Mellow fruitfulness tops the pick of the poems

July 10, 1998

The Classic Hundred Poems. A Columbia Granger's Multimedia Anthology. Edited by William Harmon, Alice Quinn and Cindee Scott. Columbia University Press. UK distributor John Wiley +44 1243 779777. Pounds 140.00 + VAT. Windows 3.1+/Mac System 7.1+CD. ISBN 0 231 10974 1

The title of this attractively produced American CD-Rom probably says it all, at least to British users: add the word "top" and the parallel with other cultural hit parades of packaged accessibility is clear. This particular top 100 consists of the most frequently anthologised poems in a trawl of more than 1,000 anthologies. Highly anthologised poems are not only classic but conveniently out of copyright, so the selection falls into fairly predictable groupings: Shakespeare and contemporaries, the Metaphysicals, Romantics, Victorians and early 20th century poets. Nothing much predates and the most recent poems are by Dylan Thomas. What the producers do with the poems, however, makes for an enjoyable browse. The interface is both clear and easy to use: I found the "Back" facility most helpful and there is a "Help" too, with text supported by brief audio commentary, a feature used throughout. The material is best accessed via a series of lists. There is a popularity list (Keats's "To Autumn" is top of the pops) as well as lists for subject, genre and verse form. "Genre" is the most innovative, cross-classifying the poems under everything from "Address to someone" to "Vision": Waller's "Go Lovely Rose", for example, the poem I chose to track through all its occurrences, appears under "Envoy", "Epistle" and "Love Lyric".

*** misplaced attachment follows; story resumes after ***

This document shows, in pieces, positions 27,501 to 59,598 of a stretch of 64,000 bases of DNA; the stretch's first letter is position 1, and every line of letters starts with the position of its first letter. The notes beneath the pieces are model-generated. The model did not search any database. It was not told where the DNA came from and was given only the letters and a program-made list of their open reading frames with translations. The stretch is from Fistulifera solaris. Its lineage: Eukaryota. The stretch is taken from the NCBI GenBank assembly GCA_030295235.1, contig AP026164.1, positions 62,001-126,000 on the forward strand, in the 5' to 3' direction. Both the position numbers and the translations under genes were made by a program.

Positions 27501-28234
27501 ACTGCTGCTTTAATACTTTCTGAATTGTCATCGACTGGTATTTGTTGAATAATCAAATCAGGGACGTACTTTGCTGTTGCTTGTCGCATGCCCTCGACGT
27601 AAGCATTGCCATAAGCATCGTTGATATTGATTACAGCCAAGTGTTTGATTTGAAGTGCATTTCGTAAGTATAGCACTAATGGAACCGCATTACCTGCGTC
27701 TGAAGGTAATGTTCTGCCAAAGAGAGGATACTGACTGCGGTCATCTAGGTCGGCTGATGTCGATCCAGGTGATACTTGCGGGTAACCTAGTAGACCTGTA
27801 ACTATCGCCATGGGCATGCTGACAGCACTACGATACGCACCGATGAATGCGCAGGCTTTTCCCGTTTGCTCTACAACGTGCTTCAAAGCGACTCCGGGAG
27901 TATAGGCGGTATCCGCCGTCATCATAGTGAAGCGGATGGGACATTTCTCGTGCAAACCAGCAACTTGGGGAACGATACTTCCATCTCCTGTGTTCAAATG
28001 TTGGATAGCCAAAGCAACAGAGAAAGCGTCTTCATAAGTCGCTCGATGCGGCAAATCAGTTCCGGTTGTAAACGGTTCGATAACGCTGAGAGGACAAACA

The text of each poem is accompanied by a small illustration, enlarged when you click on it: that for "Go Lovely Rose" is a 1612 emblem of a rose by Peacham with a note on its significance, while Auden's "Musee des Beaux Arts" appropriately has a richly coloured reproduction of Brueghel's The Fall of Icarus. You can hear a reading of each poem while viewing the text. I found the American voices a refreshing change from the actorly received pronunciation accent that most often occurs on English-produced audio poetry, though the quality of delivery is variable: "Go Lovely Rose", for example, is recited in a rather sing-song fashion with, to my ear, several misplaced stresses.

There are notes interpreting supposedly difficult words and ambiguous meanings plus a more detailed commentary. I was pleased that the commentary on "Go Lovely Rose" picks up on Lawes, who set the poem to music, and Pound, whose "Envoi" from Hugh Selwyn Mauberley takes the poem as its starting point: a quotation from the Pound underlines the connection. There is also a biography of each poet, highlighting significant artistic, social and political elements, together with a relevant picture, usually a portrait.

There is also a glossary of poetic terms, a timeline and maps. You can scroll through dozens of terms from "Allegory" to "Villanelle" and find something useful, though variable in quality: the entry for "conceit" is a meaty paragraph, while "canto: a part of a long poem" is pointlessly underinformative. The timeline scrolls horizontally, logging each poem and poet against a background of world events: the hyperlinks to texts and biographies make this a great browsing option. Places with poetic associations are shown on clickable maps of the United States and the British Isles. The latter is cluttered but the clicks bring up useful information. This package provides a survey of popular English and American poems that is informative and visually interesting without presenting too many challenges of analysis or theory. It could appeal to the "common reader". Yet its price suggests that it is aimed at the education market and there is mention of a teacher's manual in the sleeve notes. It could be used for individual or small group work in secondary and further education contexts, as a supplement to, rather than a substitute for, a more focused course. And it would make a pleasant addition to the literature shelves of any library.

Peter Wilson is programme director for English and critical theory, University of North London.

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